# Zumo 32u4 higher voltage

So I tried to increase the voltage to my Zumo 32u4, I upped VBAT to 10.8 volts. I was thinking that 11V was the max for me to go, but I have subsequently re-read the documentation and see that 10V is the maximum for VBAT. I would like to understand what I did. After increasing the voltage, the robot still functions and runs the current program. When I connect the USB cable, the robot does detect that power and turns on, but the computer does not “see” the robot. I cannot get the computer to detect the port where it is plugged in. I don’t know if there may be any way to fix this. I also want to understand what I did so I don’t repeat the same mistake. I’m helping a Middle School class build a number of these and this was my (failed) prototype to increase the power. I’ve also been experimenting with bypassing the voltage divider, but I’ll post that question separately.

I’m working on a 32u4 robot. I wanted to get more power to the motors, so I snipped the A=VBAT/2 connector. Before I did this I measured the voltage across the batteries at 5.6V, and measured the voltage across the motors while running at about 2.8V. After I snipped the connector both of the voltages remained the same. I also increased VBAT to about 7V and the voltage across the motors measured ~3.5V. Shouldn’t I be seeing more voltage across the motors while their running after snipping this connector?

Hi.

I merged your two threads to make it easier to follow and respond since it seems they are related to the same robot.

The surface-mount jumper labeled “A1 = VBAT / 2” is used to disconnect pin A1 from the voltage divider that allows the robot to read its own battery voltage. It has nothing to do with what voltage gets supplied to the motors. If you are only seeing about half the battery voltage at the motors, I suspect you are not driving them at full speed. Is this the reason you increased th battery voltage? What kind of battery are you using now?

Sine you cut the VBAT / 2 jumper, it should be safe to apply up to 11V to the battery power input of the Zumo 32U4, but 10.8V is very close to that, and if that the nominal voltage of your battery, it will almost certainly be over 11V when fully charged.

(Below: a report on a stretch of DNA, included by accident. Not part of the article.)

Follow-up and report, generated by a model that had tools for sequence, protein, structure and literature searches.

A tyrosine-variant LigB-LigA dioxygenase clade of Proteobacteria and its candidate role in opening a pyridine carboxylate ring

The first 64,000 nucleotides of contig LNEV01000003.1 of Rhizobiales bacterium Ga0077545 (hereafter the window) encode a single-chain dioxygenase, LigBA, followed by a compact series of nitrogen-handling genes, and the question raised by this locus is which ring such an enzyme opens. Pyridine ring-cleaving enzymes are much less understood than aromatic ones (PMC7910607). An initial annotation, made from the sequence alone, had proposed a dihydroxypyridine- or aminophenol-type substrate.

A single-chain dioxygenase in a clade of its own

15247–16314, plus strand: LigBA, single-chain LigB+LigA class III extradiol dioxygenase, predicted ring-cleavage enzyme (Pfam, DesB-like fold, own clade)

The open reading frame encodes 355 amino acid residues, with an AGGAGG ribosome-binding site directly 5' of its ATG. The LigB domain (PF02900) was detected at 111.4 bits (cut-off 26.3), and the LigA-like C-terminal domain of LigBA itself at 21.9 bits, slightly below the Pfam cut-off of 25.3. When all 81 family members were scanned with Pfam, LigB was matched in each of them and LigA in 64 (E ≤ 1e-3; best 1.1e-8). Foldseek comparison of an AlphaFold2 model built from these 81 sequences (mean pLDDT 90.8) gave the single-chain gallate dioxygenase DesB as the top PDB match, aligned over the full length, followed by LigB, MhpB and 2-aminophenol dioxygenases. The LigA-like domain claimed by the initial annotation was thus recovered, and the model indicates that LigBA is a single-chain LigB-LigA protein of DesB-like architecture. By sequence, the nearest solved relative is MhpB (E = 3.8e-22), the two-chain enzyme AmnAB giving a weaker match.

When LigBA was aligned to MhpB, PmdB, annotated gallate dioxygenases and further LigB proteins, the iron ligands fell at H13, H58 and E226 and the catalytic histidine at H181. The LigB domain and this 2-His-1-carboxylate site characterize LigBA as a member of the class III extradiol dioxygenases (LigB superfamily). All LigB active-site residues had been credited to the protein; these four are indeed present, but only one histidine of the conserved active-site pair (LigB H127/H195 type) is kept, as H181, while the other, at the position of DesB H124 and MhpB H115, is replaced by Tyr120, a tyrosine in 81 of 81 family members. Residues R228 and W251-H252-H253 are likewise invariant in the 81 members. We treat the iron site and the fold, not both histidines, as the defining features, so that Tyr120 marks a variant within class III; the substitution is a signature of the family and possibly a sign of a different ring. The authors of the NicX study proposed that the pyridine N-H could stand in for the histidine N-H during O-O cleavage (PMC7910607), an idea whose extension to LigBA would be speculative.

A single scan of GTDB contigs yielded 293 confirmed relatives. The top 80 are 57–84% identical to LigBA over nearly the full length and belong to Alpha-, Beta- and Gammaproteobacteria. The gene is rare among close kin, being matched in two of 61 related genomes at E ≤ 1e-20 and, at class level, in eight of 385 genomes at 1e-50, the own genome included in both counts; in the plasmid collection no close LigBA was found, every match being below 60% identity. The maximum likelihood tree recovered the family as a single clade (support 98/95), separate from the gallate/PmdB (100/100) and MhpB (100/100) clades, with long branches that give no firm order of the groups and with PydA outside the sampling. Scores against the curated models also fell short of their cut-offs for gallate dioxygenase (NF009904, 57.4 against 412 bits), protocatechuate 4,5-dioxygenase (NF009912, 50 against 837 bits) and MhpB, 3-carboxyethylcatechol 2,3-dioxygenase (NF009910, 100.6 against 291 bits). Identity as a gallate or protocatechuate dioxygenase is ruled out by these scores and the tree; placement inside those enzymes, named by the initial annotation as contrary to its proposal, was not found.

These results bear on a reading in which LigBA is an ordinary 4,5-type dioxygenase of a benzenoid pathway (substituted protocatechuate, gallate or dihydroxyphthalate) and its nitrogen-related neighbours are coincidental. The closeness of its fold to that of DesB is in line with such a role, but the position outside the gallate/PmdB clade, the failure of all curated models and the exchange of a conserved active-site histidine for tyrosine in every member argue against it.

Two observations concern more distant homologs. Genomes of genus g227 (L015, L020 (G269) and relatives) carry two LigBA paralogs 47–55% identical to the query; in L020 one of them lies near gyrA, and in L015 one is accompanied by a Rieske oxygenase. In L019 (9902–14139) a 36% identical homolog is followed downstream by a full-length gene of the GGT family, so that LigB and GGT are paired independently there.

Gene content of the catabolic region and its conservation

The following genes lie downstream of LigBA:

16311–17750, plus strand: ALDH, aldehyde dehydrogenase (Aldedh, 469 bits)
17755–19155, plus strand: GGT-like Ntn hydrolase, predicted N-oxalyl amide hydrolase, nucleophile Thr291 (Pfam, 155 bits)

Has the robot ever successfully connected to your computer? Have you programmed it before? Could you double check that you are using a USB cable that can transmit data rather than a charging cable? Could you try different cables, USB ports and if possible a different computer?

-Claire

Thanks Claire,

Your response certainly helped. My motors were running at about 50% power so that explains the difference. The main reason I want to increase voltage is just to have more power. My students are competing against robots that can weigh up to 1 kg, so we need all the help we can get. I use a combination of nominal and fully charged AA Nimh to get the 10.8 volts.

I thought I had fried two robots, but I did try various computers and cables and got one of them working. The other robot (luckily that was my robot) must have gotten shorted out when I was prototyping how to stack another set of batteries on. It has no response to the USB input (not even a power light) and the components between the Micro-B port and the power switch get really warm when the USB power is plugged in. I don’t know if that give a clue, but I am already swapping out the main board because I’m pretty confident it’s toast.

I am glad to hear one of your Zumos seems to be fine. Since the other is heating up with just USB power, I agree that it seems damaged. Since you are currently only running your robots at 50% speed, I recommend testing them at full speed and with added weight before messing with the battery voltage. Several engineers here have used segmented balance weights to get our Zumos to 500g for mini sumo competitions.

If you want to order a new Zumo or main board, you can send us an email with a reference to this thread and your order information and we might be able to help you out with a discount.

-Claire